While an article published in the June 24 edition of the Wisconsin State Journal reported rising nitrate levels in some Madison suburbs’ drinking water, Waunakee Utilities Manager Tim Herlitzka said this village’s water is safe and frequently tested.
The State Journal article referenced a report from the Environmental Working Group, which reveals levels of contaminants in water tested in communities across the nation and finds some in the Madison suburbs rising.
But the EWG report references a peer review study finding that just .14 parts per million is a healthy guideline.
That’s far under acceptable standards set by the Environmental Protection Agency and the Department of Natural Resources, which set the maximum contaminant level at 10 parts per million, or ppm. Waunakee’s nitrate levels have been under half that level.
Herlitzka said Waunakee’s drinking water has averaged about one-third of the maximum EPA contaminant level for the past 27 years.
“We continue to feel water we provide for our customers is safe,” Herlitzka said. “We’ve dedicated our careers to that.”
In fact, nitrate levels have deceased since 2017, when tests revealed them at 4.9 ppm. The levels dropped to 3.7 ppm in 2018 and were 4.7 in 2019, according to Herlitzka.
In an email to the Tribune, Herlitzka said, “We can expect drinking water to contain small amount of some contaminants, but it’s important to point out that this does not necessarily mean there’s a health risk.”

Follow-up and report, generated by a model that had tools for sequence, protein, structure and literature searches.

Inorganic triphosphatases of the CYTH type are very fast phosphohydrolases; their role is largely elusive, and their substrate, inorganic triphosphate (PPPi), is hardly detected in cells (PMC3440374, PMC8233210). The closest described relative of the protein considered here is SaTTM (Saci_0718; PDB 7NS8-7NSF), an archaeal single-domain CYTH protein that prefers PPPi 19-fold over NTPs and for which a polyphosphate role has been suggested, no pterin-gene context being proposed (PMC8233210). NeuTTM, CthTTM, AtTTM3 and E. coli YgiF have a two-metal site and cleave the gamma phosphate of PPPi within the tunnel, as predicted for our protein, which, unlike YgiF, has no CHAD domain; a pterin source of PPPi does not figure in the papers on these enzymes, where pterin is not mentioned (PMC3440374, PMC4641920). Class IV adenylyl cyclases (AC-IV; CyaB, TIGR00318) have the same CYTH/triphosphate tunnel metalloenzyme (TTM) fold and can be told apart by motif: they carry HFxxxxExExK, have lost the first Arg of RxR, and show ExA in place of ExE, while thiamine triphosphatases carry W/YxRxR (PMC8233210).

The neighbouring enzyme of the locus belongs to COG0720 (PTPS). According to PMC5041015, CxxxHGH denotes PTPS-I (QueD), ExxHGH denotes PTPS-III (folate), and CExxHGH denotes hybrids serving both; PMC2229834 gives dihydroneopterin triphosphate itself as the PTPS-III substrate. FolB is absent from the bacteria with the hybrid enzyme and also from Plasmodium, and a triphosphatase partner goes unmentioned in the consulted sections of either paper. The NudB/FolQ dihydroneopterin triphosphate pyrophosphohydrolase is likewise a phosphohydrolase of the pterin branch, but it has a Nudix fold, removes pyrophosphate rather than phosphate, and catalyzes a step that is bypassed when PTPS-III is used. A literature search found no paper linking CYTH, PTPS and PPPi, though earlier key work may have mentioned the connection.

In the mid to late 1990s, one of the wells at Division and Main streets did have nitrate levels exceeding the maximum contaminant level, Herlitzka said. The utility extended the casing on the well to draw water from deeper in the ground, resulting in decreased levels of 2.97 ppm for that well.
Nitrates can come from fertilizers or septic tanks, Herlitzka said. He noted that during heavy and frequent rainfalls, fertilizers can seep through rock formations and soak into the groundwater. The village does have a wellhead protection ordinance in place to protect wells from exposure to septic tanks, gas stations or other contamination sources.
Waunakee Utilities tracks the averages of contaminants, and Herlitzka said they have not fluctuated greatly.
“I don’t think there’s a significant jump from year to year,” he said. “This is good news for the community. Our water is safe.”